Written by: Rik

Date posted: July 26, 2014

Gerrard's injured, so you've got a choice of Hargreaves or Butt to replace him. Good luck, Engerland!

Gerrard’s injured, so you’ve got a choice of Hargreaves or Butt to replace him. Good luck, Engerland!

For a home computer ignoramus like myself, the International Superstar Soccer games were at one point simply a homogeneous mass of console superiority. Deluxe, Pro, 64…the names mattered not, they were all better than FIFA (or the other dross we got on PC). In actual fact, once the series made its way onto PSX and N64, it had effectively split in two, with the ISS games developed by KCEO on the one hand, and the Goal Storm/Winning Eleven series developed by KCET on the other. In Europe, for some reason, the latter confusingly still retained the ISS name until it evolved into Pro Evolution Soccer. Still, it was easy enough to differentiate the series by format: ISS games were on Nintendo 64 while ISS Pro games were on PlayStation. But then ISS was released on the PlayStation, a new version was a release title for the PS2 (misleading fans eagerly anticipating ISS Pro Evolution) – and from then on, for a time, the two series existed side by side.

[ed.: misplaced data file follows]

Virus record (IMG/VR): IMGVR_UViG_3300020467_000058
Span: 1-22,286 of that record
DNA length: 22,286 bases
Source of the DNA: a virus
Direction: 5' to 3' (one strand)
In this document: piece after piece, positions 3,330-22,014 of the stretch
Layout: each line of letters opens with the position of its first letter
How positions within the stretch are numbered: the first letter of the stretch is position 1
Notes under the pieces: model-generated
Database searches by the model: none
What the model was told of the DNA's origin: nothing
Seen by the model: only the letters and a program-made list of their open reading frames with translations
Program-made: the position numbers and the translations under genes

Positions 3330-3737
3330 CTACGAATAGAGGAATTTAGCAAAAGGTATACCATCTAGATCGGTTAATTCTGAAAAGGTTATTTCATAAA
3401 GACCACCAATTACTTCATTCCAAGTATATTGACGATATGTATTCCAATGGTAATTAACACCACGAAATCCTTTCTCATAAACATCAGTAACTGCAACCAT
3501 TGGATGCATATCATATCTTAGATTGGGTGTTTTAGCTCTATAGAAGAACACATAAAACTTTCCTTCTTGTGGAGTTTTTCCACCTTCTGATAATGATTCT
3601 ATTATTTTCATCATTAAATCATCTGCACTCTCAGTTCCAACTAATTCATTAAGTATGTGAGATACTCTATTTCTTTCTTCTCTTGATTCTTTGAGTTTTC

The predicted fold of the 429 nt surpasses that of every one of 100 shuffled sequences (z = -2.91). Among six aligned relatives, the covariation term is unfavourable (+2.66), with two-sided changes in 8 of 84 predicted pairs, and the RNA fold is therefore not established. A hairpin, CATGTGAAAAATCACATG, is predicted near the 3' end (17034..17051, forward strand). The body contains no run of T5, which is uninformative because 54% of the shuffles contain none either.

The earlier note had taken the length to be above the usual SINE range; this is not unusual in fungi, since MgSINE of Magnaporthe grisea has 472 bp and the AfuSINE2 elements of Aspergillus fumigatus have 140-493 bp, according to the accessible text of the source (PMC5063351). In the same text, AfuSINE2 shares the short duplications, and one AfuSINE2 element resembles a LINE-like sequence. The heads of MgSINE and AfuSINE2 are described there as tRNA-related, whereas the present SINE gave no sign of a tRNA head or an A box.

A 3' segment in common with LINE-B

Back in PC land, of course, we were unencumbered by such confusion, as nothing approaching a decent football game had been released in years. Unimpressed reviews of the latest FIFA would make passing reference to the console wonderland of ISS games, but PC versions were not forthcoming. Until finally, it was announced: ISS is coming to the PC! But it was only then did we realise it wasn’t the one we wanted.

By 2003, Pro Evolution Soccer (the old ISS Pro) had long established itself as the superior of the two series and it was becoming harder to justify the continuing existence of ISS on the basis that it offered a more accessible arcade alternative. In fact, International Superstar Soccer 3 was the final release in the series before it was killed off. But it was also the first to be released on the PC (although PES 3 followed shortly afterwards).

Replays are pretty good.

Replays are pretty good.